EU prepares new tariffs list of US goods
Juncker to meet Trump next week
BMW vehicles made in Spartanburg, South Carolina., await loading at the port of Charleston.
The European Union is preparing a new list of American goods to hit with protective measures if a mission to Washington next week fails to persuade US President Donald Trump not to raise levies on car imports.
The bloc may target American goods worth about 20 per cent of the US action, according to two officials . The level of the EU’s retaliatory tariffs would probably match the US. levels, said the officials.
“If the US would impose these car tariffs that would be very unfortunate but we are preparing together with our member states a list of rebalancing measures as well,” EU trade chief Cecilia Malmstrom said on Thursday.
When Commission president Jean-Claude Juncker meets Mr Trump on July 25th, he’ll bring two main negotiating proposals in an effort to tamp down the escalating trade tensions: an offer to discuss the reduction of levies on cars and car parts among all major auto-exporting countries in a so-called plurilateral deal; and the possibility of broaching a limited free-trade agreement, according to a separate official .
The US is in the midst of a probe into whether car imports damage national security, which could trigger the 20 per cent tariff on autos that Trump has threatened. Washington has already hit the EU with duties on its steel and aluminum exports using the same national-security justification, which led to European levies on €2.8 billion ($3.3 billion) of American goods.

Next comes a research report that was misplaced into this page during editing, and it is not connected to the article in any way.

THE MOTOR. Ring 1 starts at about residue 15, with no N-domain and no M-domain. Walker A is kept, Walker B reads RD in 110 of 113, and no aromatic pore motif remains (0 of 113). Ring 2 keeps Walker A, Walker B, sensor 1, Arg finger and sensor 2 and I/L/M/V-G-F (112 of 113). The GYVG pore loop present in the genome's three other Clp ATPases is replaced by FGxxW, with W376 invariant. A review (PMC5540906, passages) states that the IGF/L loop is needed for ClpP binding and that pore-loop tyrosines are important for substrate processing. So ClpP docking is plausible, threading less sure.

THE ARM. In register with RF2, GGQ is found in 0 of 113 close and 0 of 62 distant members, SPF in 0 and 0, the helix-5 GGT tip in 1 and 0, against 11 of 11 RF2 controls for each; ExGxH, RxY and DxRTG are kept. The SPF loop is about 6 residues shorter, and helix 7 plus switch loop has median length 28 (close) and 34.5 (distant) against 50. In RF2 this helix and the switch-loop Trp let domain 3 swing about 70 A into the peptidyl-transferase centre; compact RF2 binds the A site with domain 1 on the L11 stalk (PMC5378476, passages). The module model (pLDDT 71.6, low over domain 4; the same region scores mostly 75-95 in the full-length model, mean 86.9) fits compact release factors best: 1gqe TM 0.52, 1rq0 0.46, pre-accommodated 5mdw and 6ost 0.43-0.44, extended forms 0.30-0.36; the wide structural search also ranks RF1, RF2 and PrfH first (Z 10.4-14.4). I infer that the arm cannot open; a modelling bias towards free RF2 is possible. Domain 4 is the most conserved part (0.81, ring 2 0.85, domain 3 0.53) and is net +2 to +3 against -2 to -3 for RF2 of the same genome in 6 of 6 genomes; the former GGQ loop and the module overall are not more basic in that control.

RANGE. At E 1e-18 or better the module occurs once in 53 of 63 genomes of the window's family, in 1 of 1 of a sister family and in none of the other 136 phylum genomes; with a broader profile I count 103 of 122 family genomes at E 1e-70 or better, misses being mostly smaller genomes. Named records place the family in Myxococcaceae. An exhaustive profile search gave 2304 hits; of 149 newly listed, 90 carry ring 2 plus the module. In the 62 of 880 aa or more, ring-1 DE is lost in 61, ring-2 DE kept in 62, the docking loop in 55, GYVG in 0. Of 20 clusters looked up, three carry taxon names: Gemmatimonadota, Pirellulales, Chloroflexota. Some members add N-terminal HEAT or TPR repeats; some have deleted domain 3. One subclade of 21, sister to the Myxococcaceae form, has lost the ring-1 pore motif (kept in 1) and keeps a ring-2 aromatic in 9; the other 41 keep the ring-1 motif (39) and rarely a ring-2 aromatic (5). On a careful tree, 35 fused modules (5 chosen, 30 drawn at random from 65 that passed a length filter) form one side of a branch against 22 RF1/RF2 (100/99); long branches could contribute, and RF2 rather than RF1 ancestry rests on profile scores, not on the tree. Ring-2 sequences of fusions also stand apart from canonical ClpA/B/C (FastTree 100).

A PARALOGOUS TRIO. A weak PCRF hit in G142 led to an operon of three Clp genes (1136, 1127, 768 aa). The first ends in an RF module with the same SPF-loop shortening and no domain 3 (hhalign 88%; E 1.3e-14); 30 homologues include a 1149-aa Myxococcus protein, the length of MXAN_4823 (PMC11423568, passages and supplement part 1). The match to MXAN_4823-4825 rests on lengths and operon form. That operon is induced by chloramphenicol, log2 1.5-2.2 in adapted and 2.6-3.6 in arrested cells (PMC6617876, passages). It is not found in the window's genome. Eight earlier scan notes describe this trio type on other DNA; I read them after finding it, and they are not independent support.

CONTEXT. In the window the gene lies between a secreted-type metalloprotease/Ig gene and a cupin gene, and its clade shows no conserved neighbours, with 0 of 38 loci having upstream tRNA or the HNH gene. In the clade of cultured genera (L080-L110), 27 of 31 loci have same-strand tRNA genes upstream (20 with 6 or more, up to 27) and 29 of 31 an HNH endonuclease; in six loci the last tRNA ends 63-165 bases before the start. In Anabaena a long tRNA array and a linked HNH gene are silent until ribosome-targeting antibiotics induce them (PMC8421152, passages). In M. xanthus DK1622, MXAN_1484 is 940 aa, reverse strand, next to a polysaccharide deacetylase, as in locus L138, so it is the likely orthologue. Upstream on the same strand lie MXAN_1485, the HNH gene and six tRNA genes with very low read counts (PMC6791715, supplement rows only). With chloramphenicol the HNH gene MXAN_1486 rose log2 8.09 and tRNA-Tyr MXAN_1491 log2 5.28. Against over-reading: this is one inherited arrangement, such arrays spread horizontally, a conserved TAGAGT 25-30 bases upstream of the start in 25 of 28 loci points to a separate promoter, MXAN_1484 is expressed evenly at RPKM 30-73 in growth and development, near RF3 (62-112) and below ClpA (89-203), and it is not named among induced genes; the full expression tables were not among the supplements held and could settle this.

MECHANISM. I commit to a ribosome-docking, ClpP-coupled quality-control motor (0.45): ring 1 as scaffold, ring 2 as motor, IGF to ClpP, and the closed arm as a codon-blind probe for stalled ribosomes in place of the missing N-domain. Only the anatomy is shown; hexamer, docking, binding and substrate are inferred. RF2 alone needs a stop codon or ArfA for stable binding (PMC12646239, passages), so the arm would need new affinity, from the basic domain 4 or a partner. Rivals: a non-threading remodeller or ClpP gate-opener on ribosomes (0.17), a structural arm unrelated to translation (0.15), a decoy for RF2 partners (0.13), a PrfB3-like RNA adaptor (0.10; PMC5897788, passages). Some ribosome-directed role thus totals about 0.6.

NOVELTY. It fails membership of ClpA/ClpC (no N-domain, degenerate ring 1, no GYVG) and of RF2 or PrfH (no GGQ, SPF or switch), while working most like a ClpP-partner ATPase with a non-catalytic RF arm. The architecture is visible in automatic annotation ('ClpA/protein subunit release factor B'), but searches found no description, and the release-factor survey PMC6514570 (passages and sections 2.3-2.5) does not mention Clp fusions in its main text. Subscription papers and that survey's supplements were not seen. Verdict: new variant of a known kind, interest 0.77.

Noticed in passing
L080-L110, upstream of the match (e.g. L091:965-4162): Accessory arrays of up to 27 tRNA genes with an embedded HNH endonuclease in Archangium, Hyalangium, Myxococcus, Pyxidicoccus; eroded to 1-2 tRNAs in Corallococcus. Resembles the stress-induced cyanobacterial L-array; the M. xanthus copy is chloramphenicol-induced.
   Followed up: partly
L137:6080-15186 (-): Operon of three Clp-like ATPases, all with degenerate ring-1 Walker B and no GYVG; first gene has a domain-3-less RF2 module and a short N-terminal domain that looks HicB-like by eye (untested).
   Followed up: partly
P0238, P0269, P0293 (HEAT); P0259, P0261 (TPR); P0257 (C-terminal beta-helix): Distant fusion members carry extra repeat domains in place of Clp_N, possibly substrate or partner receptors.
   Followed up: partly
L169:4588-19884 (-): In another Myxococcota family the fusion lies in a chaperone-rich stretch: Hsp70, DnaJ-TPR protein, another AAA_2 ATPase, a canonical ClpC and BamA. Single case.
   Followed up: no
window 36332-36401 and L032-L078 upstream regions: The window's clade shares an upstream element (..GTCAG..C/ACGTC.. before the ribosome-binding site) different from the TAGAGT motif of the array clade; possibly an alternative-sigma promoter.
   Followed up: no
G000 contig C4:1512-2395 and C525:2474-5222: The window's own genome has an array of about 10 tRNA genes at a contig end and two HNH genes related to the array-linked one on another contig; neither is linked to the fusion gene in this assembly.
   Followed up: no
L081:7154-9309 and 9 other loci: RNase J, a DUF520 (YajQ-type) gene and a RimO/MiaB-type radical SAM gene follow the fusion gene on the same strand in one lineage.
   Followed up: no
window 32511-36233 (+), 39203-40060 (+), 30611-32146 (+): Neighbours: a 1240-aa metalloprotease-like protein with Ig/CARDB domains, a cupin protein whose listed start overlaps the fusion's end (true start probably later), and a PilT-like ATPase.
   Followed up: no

The US imported about €294 billion of cars and car parts in 2017, €58 billion euros of that originated in the EU, according to an internal EU memo seen by Bloomberg.
The US expressed optimism that the two sides may come to an agreement, with White House economic adviser Larry Kudlow saying on Wednesday that the commission president “is bringing a very important free-trade offer”.
The EU isn’t allowed under global rules to reduce its 10 per cent tariff on American cars unless it either does so for all WTO members or reaches a bilateral accord with the US that covers “substantially all” two-way trade. A plurilateral deal modeled after the Information Technology Agreement, which abolished tariffs on some IT products traded between its signatories, is allowed under WTO rules.
Plurilateral accords involve a group of like-minded countries that are typically limited to specific sectors of goods or services. The WTO permits these types of negotiations as long as the benefits are provided to all WTO members on a most-favored nation basis. It is faster and less burdensome to negotiate these accords rather than multilateral deals because they don’t require the approval of all 164 WTO members.
A plurilateral deal is one of several ideas the commission is considering, according to Ms Malmstrom, who expressed scepticism that such an accord could work. “It’s one idea of many,” she said. “I don’t know if it would work at all.”